Discussion of efficient spending may now be seen as gauche in Democratic circles, but the question of quality matters as well. Done poorly, child care can have long-run negative effects rather than positive ones. The province of Quebec implemented a heavily subsidised universal child-care programme. A review of the results by three economists found that children had worse behaviour and social skills as a result; their parents, though they worked more, were less caring and reported worse health. Reviewing the evidence 11 years later, the same trio found that the negative effects had persisted and that “cohorts with increased child care access had worse health, lower life satisfaction, and higher crime rates later in life.”
This ought not to be fatal to the aspiration of universal child care in America. A brief experiment with the idea during the second world war seemed to result in long-run improvements for children, for instance. But it is a cautionary tale about the quality of public services that Democrats seem reluctant to grapple with. For all of the expense of formal child care in America, only one in ten providers are considered high quality.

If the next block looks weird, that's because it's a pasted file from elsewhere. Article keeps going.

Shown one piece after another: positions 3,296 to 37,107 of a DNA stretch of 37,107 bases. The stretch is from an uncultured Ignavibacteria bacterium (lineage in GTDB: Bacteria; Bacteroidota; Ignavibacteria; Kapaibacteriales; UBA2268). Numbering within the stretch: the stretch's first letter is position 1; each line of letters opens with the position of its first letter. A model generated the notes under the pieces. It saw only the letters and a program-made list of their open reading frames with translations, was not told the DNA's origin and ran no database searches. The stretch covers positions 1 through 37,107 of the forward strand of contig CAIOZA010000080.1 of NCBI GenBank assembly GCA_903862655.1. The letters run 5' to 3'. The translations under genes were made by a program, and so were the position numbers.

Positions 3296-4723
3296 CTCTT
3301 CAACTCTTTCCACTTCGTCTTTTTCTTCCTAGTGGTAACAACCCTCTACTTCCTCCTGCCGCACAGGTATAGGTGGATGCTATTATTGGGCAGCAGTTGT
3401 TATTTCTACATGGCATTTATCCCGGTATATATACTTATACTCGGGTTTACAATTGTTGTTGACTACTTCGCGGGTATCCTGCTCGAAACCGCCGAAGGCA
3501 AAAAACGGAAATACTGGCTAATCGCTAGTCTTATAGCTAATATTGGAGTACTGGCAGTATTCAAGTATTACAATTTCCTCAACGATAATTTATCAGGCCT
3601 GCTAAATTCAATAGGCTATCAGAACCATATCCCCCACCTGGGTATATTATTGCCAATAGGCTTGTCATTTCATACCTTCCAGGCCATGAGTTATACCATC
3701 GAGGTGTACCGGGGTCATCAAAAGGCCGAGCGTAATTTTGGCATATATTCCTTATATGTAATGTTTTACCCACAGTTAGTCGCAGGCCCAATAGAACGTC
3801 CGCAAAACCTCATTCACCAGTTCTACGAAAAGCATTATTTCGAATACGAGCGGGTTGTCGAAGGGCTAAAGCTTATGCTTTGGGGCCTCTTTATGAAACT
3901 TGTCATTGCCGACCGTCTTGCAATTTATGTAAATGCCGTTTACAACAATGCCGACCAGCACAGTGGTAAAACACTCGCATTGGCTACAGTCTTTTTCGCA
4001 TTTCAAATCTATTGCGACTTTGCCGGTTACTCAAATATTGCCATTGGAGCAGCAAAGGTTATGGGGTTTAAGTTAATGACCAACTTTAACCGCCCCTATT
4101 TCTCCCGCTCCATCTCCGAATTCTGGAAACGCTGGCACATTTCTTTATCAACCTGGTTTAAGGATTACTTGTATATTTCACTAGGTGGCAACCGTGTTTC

A similar problem may confront Mr Biden’s proposal to make community college free for two years. Generous governmental subsidies and loan provision with little attention to quality resulted in the growth of low-quality, for-profit colleges (remember Trump University?). The Obama administration spent years drafting administrative rules to rectify that problem. With a newly advertised $109bn pot of money, ensuring that students actually enroll in degree programmes that provide gainful employment will be all the more important. Mr Biden’s approach is at least admirably restrained in comparison with the ideas coming from the party’s left wing, who favour a highly regressive programme of universal student-debt cancellation and heavy subsidies for four-year colleges favoured by the rich.
If Mr Biden does manage to create a durable new welfare policy, one characterised more by its benefits for the middle class than by aggressive means testing, he could create a better safety-net. Beyond the political challenge of actually getting it passed in Congress, however, lies the delicate challenge of proving that the new approach is economically sound. If employment drops, opponents will fret that the net has become “a hammock that lulls able-bodied people into complacency and dependency,” as Paul Ryan, a former Republican speaker of the House, once did. Already, Republicans are arguing that too-generous unemployment benefits are stalling the recovery. If inflation spikes, Mr Biden will be attacked for spending too much and overheating the economy. Progressives in his party will forever think he did not go far enough. Nonetheless they may also step back and consider their luck. After half a century in Washington, the final role Mr Biden wants to play is as the author of the biggest experiment in social policy since the 1960s.